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Valhalla Not Worthy of a Major Championship - Page 4

post #55 of 59
Quote:
Originally Posted by MSchott View Post
 


It doesn't matter. The Royal and Ancient doesn't always care about the scoring. They want the best golfer that week to win. And you just can't bomb the ball on a links course. If you do, there's a good chance you will end up in a pot bunker and be screwed. You have to think your way around these courses.

What, you mean the way McIlroy thought his way around? What thinking did he make, seriously? 'Do I take driver or 3 wood?' was about it.

 

If the R&A did not care, they would'nt change the course. They can't do it too much, because there would be outrage, regardless of the fact that St Andrews has adapted to change throughout it's history. They would not be changing the green complexes and stretching out the tee boxes as they are doing. Don't get me started on 17, probably the dumbest hole in championship golf next to 17 @ Sawgrass, but like Sawgrass elevated to a level that defies belief.

 

St Andrews has a winning score of -20 all over it. And when that happens, you know that the champion golfer of the year is just the champion putter of the year.

post #56 of 59
Quote:
Originally Posted by Monte the Bear View Post
 

What, you mean the way McIlroy thought his way around? What thinking did he make, seriously? 'Do I take driver or 3 wood?' was about it.

 

If the R&A did not care, they would'nt change the course. They can't do it too much, because there would be outrage, regardless of the fact that St Andrews has adapted to change throughout it's history. They would not be changing the green complexes and stretching out the tee boxes as they are doing. Don't get me started on 17, probably the dumbest hole in championship golf next to 17 @ Sawgrass, but like Sawgrass elevated to a level that defies belief.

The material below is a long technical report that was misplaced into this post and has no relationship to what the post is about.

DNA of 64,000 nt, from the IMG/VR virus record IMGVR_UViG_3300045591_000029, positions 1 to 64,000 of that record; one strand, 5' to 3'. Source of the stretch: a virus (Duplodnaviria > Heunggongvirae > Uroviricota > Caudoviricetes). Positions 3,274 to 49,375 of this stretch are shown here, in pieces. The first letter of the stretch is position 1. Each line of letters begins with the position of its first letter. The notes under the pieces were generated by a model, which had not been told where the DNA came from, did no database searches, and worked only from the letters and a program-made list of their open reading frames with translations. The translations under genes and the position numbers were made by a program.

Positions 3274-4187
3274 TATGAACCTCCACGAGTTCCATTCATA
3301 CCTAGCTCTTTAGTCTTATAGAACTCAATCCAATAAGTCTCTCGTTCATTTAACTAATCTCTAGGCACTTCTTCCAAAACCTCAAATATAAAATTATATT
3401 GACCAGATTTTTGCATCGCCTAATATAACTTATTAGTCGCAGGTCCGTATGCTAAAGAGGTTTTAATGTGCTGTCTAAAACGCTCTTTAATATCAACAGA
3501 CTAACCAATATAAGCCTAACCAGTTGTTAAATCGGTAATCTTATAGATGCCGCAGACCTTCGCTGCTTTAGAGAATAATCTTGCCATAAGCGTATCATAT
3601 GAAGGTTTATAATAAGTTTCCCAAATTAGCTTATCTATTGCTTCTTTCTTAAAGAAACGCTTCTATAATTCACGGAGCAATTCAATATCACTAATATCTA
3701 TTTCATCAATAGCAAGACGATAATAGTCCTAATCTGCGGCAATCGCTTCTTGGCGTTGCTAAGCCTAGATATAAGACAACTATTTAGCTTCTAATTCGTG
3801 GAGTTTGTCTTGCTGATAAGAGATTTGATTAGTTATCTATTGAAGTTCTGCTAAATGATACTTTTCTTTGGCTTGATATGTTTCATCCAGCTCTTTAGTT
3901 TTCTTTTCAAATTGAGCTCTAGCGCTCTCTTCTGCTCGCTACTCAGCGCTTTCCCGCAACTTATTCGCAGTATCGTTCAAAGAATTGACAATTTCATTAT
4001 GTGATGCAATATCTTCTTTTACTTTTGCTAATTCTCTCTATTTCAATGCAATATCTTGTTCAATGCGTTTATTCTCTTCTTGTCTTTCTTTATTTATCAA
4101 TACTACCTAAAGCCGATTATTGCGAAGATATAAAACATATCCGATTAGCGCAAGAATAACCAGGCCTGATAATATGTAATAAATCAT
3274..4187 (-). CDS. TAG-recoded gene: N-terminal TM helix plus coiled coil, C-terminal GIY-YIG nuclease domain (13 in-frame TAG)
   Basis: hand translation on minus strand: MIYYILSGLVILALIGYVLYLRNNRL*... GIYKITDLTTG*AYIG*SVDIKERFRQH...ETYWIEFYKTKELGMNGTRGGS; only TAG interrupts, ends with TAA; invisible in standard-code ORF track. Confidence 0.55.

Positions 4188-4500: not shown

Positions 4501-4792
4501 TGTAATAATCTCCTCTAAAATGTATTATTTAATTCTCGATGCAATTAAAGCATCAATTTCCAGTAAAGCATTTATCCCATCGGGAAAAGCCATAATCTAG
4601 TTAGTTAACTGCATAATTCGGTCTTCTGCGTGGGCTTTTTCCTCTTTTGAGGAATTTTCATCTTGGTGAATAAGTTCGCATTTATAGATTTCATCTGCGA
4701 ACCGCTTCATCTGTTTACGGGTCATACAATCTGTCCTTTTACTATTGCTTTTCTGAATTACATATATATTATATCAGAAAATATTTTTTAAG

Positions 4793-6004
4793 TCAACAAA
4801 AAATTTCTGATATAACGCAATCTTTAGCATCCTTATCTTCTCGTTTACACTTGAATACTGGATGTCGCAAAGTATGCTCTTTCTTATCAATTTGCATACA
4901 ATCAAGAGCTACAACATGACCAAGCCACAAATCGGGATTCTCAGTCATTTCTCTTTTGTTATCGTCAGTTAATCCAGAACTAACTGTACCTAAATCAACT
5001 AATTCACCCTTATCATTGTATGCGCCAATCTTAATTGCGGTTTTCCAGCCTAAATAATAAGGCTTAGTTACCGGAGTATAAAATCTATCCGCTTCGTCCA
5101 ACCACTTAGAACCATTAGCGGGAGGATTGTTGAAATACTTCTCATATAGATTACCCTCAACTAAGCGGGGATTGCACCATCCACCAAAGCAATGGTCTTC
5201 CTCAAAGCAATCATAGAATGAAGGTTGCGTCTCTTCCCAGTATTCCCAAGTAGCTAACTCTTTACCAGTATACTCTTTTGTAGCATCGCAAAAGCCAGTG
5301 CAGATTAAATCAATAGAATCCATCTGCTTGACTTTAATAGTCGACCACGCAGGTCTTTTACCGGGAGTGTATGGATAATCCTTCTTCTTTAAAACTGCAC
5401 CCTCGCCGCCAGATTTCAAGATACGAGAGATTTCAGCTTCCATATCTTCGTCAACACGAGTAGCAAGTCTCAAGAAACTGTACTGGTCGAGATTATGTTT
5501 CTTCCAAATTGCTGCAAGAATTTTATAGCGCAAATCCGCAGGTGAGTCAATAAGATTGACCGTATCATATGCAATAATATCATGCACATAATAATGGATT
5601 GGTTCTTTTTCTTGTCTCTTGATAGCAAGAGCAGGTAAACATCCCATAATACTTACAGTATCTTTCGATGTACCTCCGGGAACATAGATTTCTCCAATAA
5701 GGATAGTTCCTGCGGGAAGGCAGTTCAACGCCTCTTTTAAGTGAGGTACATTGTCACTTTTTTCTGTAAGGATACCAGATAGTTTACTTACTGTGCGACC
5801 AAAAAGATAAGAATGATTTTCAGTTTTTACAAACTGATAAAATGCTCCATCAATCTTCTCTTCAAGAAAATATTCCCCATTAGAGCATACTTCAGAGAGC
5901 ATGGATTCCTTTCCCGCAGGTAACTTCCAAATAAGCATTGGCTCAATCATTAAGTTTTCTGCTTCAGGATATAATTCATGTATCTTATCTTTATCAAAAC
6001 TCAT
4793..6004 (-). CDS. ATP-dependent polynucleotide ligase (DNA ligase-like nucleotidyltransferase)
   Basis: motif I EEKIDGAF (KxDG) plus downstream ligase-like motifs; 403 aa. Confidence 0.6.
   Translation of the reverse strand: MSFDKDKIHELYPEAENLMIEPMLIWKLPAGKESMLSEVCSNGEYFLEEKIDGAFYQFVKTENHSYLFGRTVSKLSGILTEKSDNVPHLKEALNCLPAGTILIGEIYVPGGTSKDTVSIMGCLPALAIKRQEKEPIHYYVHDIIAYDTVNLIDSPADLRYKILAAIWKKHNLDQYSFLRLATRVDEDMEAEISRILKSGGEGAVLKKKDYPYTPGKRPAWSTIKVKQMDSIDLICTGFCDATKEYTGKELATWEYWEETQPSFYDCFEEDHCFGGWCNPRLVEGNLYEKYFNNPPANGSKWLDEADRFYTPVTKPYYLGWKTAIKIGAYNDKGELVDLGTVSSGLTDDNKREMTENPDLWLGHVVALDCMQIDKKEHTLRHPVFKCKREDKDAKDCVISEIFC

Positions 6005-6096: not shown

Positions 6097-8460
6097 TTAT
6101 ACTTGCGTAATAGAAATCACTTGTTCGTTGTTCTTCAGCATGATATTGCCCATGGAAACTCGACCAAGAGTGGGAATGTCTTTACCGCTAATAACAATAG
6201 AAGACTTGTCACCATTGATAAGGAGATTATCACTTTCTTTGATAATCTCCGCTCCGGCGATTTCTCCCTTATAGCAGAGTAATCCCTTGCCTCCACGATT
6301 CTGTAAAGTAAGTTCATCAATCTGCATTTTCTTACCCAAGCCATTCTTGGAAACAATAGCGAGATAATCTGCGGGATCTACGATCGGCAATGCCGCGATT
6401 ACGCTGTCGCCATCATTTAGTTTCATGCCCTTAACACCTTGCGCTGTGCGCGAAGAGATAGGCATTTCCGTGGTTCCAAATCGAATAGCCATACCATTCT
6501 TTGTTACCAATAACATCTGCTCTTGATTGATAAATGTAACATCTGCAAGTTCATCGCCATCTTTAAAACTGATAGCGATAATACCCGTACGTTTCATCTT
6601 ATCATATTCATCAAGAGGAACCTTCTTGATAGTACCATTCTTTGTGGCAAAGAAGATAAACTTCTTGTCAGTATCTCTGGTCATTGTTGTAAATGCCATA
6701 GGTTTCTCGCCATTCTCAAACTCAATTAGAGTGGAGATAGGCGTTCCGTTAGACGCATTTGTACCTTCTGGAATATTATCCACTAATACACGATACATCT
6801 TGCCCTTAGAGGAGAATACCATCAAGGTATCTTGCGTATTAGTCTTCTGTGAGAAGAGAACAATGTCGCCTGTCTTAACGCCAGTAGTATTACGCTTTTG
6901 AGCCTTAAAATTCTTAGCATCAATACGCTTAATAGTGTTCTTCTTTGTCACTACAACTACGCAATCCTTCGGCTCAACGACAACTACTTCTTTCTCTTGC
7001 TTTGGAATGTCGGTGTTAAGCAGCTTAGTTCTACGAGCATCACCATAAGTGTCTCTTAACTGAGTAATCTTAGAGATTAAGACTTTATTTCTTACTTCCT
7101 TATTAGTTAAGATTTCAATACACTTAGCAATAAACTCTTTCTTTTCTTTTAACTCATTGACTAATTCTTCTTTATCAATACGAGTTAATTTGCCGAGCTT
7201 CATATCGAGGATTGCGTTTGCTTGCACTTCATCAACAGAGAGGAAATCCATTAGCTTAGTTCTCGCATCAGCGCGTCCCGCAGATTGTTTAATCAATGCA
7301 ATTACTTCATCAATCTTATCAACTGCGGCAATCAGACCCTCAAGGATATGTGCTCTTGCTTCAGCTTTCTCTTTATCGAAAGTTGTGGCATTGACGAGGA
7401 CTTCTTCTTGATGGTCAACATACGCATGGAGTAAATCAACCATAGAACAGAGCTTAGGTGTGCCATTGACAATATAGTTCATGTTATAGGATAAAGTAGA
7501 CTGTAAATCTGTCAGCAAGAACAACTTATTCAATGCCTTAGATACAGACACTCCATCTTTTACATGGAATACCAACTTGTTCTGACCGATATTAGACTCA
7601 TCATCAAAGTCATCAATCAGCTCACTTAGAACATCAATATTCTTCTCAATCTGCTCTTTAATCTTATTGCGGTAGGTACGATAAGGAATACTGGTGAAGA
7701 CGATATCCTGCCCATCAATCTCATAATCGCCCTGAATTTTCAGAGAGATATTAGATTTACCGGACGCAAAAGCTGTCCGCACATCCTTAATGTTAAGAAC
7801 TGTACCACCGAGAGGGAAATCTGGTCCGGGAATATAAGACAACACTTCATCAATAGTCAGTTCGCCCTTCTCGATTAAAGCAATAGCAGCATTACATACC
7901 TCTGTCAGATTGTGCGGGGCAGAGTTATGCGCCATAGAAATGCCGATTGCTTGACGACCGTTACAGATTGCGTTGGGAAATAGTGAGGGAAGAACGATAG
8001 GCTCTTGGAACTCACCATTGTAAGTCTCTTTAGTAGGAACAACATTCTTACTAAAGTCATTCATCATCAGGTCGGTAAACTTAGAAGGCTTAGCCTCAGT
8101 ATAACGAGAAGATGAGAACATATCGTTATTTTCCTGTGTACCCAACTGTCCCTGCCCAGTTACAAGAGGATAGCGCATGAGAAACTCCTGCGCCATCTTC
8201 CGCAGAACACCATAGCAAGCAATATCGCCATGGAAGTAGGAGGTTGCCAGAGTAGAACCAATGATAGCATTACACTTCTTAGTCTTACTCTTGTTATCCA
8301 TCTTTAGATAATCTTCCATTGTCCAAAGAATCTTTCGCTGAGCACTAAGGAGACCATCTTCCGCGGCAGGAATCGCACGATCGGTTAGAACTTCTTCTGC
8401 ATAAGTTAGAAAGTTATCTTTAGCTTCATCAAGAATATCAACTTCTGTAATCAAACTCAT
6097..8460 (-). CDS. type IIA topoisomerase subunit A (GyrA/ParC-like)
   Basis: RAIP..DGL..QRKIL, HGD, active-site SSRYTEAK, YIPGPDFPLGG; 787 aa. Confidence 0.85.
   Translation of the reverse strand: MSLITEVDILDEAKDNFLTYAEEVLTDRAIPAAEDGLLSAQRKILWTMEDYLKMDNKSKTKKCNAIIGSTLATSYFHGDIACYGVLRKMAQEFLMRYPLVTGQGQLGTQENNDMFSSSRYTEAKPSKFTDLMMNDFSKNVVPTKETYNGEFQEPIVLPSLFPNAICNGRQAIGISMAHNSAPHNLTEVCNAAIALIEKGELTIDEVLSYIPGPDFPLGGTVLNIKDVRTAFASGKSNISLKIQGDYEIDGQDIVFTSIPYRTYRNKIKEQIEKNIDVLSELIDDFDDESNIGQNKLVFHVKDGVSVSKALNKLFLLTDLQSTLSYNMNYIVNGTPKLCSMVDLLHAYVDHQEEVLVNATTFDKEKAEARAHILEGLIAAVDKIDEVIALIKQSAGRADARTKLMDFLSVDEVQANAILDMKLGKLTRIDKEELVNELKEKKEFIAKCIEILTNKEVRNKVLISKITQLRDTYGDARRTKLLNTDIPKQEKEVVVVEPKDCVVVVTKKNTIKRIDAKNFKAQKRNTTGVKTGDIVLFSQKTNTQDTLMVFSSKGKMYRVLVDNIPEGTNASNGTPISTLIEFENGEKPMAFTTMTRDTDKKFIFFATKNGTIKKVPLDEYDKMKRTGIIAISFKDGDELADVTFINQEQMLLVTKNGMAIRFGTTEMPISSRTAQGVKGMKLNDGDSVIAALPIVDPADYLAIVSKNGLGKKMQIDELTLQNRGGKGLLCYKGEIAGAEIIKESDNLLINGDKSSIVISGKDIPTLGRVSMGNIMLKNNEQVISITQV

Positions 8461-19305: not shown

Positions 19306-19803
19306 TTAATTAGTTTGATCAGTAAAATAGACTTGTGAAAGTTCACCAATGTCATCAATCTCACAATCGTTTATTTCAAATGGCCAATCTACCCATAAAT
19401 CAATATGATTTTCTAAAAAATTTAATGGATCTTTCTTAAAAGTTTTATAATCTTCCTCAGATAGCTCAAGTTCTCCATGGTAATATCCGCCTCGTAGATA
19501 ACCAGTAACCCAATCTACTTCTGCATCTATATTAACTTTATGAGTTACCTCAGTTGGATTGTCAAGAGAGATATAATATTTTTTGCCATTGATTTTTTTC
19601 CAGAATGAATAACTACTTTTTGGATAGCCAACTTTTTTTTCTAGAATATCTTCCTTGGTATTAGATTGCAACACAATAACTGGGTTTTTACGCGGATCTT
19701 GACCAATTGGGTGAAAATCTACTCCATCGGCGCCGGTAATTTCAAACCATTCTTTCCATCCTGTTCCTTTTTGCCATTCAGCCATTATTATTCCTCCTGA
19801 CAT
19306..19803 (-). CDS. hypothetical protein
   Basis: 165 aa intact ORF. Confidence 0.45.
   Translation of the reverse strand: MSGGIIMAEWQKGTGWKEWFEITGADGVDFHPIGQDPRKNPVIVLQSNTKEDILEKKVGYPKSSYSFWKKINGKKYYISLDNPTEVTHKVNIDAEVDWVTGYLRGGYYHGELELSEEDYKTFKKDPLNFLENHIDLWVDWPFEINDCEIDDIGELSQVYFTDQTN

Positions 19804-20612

St Andrews has a winning score of -20 all over it. And when that happens, you know that the champion golfer of the year is just the champion putter of the year.


The recent changes at St Andrew were minimal. Adding a few pinnable positions on a few greens and rebuilding the greenside bunker at 17. There's no question that links courses have had to adapt to the modern game in terms of length. Then again if you think 17 at St. Andrews is a dumb hole, you and I have little to discuss regarding golf course architecture. The fact that most architects see it as one of the world's greatest holes tells me about your bias.

post #57 of 59

You know, most architects would tell you that a blind tee-shot over greenskeeper's sheds and over a hotels ornamental pond is, at best, a bit odd. It is a one-dimensional hole, that requires one type of shot for a tee-shot (a fade for a lefty, a draw for a righty), then a shot that is hit pretty much straight. The fun of the hole is around the green - everything else is stupid and would not be built in the modern era. If Robert Trent-Jones or Pete Dye built a tee shot like that, they would get castigated.

post #58 of 59
Quote:
Originally Posted by MSchott View Post
 

Some good points. Thanks.

 

I agree that Valhalla has some interesting holes. The problem is there are many great courses in the US yet the PGA chooses a course that was basically manufactured.

 

Regarding Pinehurst 2, the restoration has returned the course to how it was originally intended. Ross did not build a parkland course in the sandy soil of Pinehurst. He built a strategic course that fit the existing land. You can't tell me that that part of the country is meant to have lush green fairways. The current course is not a links course in any way. There are no sod walled bunkers and few if any cross bunkers. The greens are nothing like those on links courses. If there was one issue at the US Open it's that the greens were too fast and required pinpoint accuracy to hold depending on the pin position.

 

Last, the USGA does not have a rotation other than Pebble Beach. They had not played Merion for decades. There are certain courses they favor (Oakmont, Winged Foot West, Shinnecock, PB) but these are among the best courses in the world and have the infrastructure to hold a major. In the near future they are going to Erin Hills and Chambers Bay, two relatively new public courses and of course Torrey Pines South and Bethpage Black are new to the rotation. Since 2000, only Bethpage, Pinehurst 2, and PB have hosted more than once.

Well, I suppose a course with Nicklaus' signature on it is expected to be manufactured.  Some of his courses are very forgettable, but this one looks memorable (as defined by the ability to distinctly recall >=6 holes 6 months after playing).